Dan DiZio | Crain's Washington D.C.

In this ongoing series, we ask executives, entrepreneurs and business leaders about mistakes that have shaped their business philosophy.

Dan DiZio

Background:  

Founded in 1998 by college friends Dan DiZio and Len Lehman, Philadelphia-based Philly Pretzel Factory has more than 165 franchised locations around the country.

The Mistake:

My mistake was not thinking ahead. We didn’t have any sort of business plan when we first started Philly Pretzel Factory. We were so focused on the product side that we completely overlooked everything else, and it almost ruined our business. Though people were lining up outside the door for our pretzels, we had no staff to help us accommodate them more efficiently. And we had no cash registers.

Three months into our business, we were struggling to keep up with things. Although the business was a dream come true for us, my partner was ready to give me the keys and walk away because we were working 21-hour days, sleeping on flour bags at the store and falling asleep at the wheel of our cars. We had no days off.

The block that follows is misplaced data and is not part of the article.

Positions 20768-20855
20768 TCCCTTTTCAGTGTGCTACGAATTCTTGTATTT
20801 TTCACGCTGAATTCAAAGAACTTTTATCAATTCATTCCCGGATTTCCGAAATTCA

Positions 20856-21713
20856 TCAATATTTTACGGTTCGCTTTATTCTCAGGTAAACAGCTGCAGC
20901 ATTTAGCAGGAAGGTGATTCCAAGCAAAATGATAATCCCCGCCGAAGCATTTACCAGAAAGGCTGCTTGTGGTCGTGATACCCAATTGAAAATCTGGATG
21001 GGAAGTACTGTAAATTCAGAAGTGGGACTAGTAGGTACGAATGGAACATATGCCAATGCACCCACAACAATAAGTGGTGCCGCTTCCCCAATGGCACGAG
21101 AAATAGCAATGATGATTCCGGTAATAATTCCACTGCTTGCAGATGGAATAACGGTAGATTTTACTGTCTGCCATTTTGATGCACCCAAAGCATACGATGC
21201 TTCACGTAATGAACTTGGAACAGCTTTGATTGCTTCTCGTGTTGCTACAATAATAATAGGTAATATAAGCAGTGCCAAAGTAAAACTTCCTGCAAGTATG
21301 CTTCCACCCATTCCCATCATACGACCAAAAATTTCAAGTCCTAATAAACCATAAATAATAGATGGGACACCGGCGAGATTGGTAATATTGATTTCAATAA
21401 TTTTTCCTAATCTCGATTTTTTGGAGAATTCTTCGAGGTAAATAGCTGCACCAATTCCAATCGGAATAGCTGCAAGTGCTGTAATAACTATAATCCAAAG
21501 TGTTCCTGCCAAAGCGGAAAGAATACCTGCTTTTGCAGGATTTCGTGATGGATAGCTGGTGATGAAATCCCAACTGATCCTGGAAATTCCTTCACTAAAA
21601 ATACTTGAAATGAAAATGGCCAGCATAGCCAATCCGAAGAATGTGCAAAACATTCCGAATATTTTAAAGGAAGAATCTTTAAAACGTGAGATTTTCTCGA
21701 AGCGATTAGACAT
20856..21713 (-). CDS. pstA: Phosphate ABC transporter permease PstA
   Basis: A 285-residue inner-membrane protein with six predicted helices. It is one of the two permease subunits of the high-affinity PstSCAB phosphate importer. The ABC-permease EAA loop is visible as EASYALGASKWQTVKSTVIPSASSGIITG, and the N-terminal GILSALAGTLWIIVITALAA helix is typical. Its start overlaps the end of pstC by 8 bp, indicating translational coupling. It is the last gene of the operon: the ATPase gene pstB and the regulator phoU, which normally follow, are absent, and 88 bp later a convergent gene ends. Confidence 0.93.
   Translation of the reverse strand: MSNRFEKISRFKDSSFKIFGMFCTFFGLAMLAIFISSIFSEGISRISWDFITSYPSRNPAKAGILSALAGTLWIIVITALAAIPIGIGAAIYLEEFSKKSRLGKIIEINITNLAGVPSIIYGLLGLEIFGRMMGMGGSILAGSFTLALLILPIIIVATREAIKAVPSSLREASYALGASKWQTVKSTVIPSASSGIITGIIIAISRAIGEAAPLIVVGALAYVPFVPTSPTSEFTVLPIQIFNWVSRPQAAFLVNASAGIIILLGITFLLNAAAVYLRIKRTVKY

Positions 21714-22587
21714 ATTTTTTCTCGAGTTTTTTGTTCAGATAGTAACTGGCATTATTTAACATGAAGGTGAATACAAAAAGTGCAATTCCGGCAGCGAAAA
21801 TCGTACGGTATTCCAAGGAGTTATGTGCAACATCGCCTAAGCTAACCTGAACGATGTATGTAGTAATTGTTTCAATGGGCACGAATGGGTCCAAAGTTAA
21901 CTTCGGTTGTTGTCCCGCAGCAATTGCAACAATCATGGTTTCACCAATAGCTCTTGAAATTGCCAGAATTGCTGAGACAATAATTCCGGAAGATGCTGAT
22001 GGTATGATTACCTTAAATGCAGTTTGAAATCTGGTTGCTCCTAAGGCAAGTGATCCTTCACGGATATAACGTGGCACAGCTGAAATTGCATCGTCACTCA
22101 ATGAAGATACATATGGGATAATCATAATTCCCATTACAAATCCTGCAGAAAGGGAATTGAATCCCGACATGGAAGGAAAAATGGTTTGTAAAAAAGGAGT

We also spent almost $100,000 in six months on several different types of flooring because we didn’t do enough research into which type of floor worked best for our kind of operation.

It was a mess.

This might sound simple, but we really should have had a business plan.

The Lesson:

This might sound simple, but we really should have had a business plan. We were just a couple of new guys who thought they could come up with a product and wing it.

Fortunately, we caught our error early and corrected it.

After struggling really hard those first three months, my partner and I decided to sit down and put our plans on paper. We set goals and came up with strategies to help us get there. Had we done that earlier, we would have saved ourselves a lot of trouble. For example, we were initially going out to Sam’s Club to buy flour every night after closing shop, when we could have just had it delivered to our store.

Now, we sit down and plan out every detail and decision. We think about potential roadblocks and how we might approach them, so it’s not a costly and time-consuming surprise. That’s not to say we’re perfect now. We’re still trying to be better at preparing ourselves for certain situations. But we’re much better at it than we were before.

Philly Pretzel Factory is on Twitter at @PPFpretzels.

Photo courtesy of Philly Pretzel Factory